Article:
We leave at 9am on the 7th November. Instead of exploring the Ria De Vigo (which we really do want to do) we agree we should continue South while the good weather is holding. It’s a beautiful day and a pleasure to sail across the bay with the islands to our right. We motor sail for a bit as the wind drops off but switch the engine off at lunchtime as the wind fills in again. We have to gybe (wind round the stern) and as we do so or gaff jaws break. The sail stays up but sets badly. We will have to fix it so we decide to head to Lexioes which is just North of Porto. As we approach the harbour we have a bit of a near miss with a fishing boat. They seem to be out to get us.
Entering in the darkness is not too intimidating and we anchor down at 2200 outside the marina. Strong winds are forecast so we decide to spend a day tied up safely inside. We can use the electric for gaff repairs and fill our water tanks. 35 Euros for the night so on our budget we better work fast.
In the morning Bryher wakes early so I take her for a long walk with her on my back down to the beach. There is big surf breaking today and I feel glad to be tied up safe alongside. In the afternoon we all explore the town and have lunch in a bar. We both eat and have a beer for 6 Euros. Nice.
I fix the Gaff jaws and Bryony does an epic clothes washing session. We bought a twin tub camping washing before we left Cornwall and it has proved to be a great thing to have. No more tracking down expensive launderettes humping heavy bags around. It runs off our solar panels too which is great and with the extra washing a baby generates we are counting our blessings. How far from the hardy days on the salt marshes of North Devon have we come.…!
We sneak another night in the marina as the staff leave at 7pm and don’t arrive till 7am. It makes for a 5am start but we are raring to go. We leave the protection of the harbour and into the usual rolly swell. Bryony and Bryher are both sick but they are resilient despite this and the cure of a fried egg sandwich seems to work. We see dolphins and Bryher now knows the routine. ‘Bow!’ she shouts. In the afternoon we sail through some acrid smoke blowing off the land. Some industrial process being the cause.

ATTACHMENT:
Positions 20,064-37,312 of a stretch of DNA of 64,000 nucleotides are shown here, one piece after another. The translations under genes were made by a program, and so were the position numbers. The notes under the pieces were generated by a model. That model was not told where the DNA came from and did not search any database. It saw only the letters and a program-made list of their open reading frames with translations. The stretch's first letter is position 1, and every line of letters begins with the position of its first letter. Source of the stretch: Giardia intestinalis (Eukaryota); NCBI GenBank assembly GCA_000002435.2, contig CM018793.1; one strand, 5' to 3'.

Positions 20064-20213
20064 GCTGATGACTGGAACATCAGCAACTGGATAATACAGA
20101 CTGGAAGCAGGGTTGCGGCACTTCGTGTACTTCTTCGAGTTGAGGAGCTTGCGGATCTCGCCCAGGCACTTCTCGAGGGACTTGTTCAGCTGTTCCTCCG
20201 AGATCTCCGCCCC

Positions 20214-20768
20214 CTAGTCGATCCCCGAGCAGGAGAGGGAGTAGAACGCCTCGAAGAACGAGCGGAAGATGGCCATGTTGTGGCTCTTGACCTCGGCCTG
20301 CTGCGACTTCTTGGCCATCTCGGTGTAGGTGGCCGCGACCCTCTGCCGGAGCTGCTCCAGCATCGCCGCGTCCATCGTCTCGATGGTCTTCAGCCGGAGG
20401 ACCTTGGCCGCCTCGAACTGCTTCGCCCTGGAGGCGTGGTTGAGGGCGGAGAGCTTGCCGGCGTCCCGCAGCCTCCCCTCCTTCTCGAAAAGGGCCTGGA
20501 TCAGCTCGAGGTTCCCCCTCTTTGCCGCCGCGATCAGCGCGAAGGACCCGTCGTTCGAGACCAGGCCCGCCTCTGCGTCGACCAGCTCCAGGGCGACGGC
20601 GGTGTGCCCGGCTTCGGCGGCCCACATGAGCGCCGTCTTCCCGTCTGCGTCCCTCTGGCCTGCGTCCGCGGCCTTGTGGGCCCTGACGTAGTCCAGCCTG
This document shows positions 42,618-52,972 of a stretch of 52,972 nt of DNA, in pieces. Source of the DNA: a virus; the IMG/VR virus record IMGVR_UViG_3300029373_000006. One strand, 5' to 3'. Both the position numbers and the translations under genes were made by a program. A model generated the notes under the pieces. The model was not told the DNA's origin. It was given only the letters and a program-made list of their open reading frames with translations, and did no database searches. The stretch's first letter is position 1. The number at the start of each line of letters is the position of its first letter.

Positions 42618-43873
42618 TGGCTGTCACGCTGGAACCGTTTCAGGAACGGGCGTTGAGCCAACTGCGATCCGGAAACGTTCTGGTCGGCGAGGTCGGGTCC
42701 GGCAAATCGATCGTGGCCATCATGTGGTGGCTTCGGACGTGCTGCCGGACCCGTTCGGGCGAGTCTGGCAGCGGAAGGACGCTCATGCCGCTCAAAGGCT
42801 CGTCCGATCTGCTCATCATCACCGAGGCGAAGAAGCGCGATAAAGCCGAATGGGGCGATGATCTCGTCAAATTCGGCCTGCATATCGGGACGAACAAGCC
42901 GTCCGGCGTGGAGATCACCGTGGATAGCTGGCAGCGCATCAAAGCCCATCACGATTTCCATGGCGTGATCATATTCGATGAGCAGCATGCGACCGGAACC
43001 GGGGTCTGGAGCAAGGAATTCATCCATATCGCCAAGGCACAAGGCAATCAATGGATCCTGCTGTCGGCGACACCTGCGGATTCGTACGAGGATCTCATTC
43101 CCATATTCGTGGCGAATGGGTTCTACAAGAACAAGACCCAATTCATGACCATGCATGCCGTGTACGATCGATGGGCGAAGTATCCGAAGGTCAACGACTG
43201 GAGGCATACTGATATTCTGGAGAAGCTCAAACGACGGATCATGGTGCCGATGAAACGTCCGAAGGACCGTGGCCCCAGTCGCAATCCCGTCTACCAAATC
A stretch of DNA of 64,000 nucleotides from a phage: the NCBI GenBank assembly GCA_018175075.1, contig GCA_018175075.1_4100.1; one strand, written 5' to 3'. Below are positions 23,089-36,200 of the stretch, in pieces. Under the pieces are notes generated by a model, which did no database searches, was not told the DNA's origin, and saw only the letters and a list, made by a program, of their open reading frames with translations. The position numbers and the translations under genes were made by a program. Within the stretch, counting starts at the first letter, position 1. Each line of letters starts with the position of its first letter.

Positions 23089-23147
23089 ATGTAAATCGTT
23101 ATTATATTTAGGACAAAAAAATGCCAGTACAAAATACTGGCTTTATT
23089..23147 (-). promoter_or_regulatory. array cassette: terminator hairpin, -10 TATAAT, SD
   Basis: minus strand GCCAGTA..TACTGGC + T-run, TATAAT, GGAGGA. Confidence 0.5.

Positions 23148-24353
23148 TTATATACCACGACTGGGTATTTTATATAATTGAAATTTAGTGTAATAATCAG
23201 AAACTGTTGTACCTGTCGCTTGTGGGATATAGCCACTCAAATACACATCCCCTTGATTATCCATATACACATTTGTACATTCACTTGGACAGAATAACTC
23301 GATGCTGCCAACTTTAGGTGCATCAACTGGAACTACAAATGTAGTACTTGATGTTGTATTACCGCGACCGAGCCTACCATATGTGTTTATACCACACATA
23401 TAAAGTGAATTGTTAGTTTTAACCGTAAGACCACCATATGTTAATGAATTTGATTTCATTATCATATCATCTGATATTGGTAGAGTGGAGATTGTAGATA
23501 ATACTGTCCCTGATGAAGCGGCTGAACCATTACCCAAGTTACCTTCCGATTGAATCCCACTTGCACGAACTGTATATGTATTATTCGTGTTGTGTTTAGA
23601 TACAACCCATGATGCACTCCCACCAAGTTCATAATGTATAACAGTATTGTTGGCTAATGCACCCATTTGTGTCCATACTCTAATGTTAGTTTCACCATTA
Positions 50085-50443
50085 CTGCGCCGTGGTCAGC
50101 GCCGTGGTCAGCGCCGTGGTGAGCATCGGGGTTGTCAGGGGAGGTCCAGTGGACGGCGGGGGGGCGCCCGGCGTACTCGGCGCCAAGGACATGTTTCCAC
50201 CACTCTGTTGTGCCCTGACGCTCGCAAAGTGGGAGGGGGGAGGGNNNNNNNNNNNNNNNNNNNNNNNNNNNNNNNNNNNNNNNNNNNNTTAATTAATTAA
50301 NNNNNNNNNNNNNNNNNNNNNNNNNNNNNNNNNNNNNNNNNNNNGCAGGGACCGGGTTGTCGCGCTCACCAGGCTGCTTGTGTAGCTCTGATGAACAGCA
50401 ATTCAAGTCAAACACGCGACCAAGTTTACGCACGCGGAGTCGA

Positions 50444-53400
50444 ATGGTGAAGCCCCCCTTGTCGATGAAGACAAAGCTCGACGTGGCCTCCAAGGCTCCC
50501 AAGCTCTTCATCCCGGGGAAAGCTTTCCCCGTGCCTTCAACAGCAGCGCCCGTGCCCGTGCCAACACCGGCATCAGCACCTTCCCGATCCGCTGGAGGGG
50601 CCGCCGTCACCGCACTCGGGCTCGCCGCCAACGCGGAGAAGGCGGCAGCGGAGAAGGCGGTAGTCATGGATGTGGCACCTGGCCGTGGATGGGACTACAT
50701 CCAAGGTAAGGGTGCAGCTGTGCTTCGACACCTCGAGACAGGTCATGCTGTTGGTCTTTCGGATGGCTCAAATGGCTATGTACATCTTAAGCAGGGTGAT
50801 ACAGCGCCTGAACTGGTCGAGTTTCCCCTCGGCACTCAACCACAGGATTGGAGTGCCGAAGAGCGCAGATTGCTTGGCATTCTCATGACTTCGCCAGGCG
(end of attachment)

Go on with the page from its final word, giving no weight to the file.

We motor through hundreds of small fishing boats as we enter the swampy lagoon of Aviero. There is a little protected bay inside opposite a military base and we anchor here for 2 days. A friendly guy ashore tells us we should visit Aviero town so we catch the ferry across and ride a bus into town. The town is pretty with some canals in the centre a little Venetian like. The buildings are interesting and there is a good fish market. I spend 5 Euros and get two kilos of local, fresh fish. We journey home and while waiting at the bus stop I take a picture down the street capturing everyone on their phones...zoom in to see. It's quite freaky how we have have all absorbed technology over the last few years. We all rely on our devices and we here are reliant on the internet for weather and communication. However, I fear the way were all heading with this stuff and I catch myself getting sucked in. I really dont want to be the last person in this picture - phone gripped in hand - but I am.
We BBQ the fish on the aft deck that evening and add salad from our deck garden made from an old liferaft container. Eating aboard does not get much better than this in my book.
We leave on the 12th and are bound for Peniche. This proves to be a bit too far so we change destination and at midnight we arrive at Figura De Foz. There is a dredger working in the entrance so we have to wait a while, with tired eyes, for him to move over a bit and let us in. There is no designated anchorage here but we drop the hook inside the harbour off to one side and I sleep in the wheel house to keep and eye on things. A few hours sleep and we are off again. Clean swell rolls into the entrance and South Star rises to it. A bit bigger and you can see how dangerous these harbour entrances become. The surf looks great on the beach. Years ago I used to surf this coastline from camper vans. It is great to be passing through again even if we have no time for a surf.
We gybe again later in the day and the gaff jaws break a second time. Must do a better repair job next time. I think the wood had a shake in it which made it weak. We sail all day and it gets windy off of the islands next to Peniche. We make it in though at midnight through a maze of lobster pots and with some wrestling down of the broken gaff and mainsail. We fall into bed exhausted but know we have to do it again tomorrow. There are many fishing boats coming and going all night so we are disturbed by the wash and engine noise.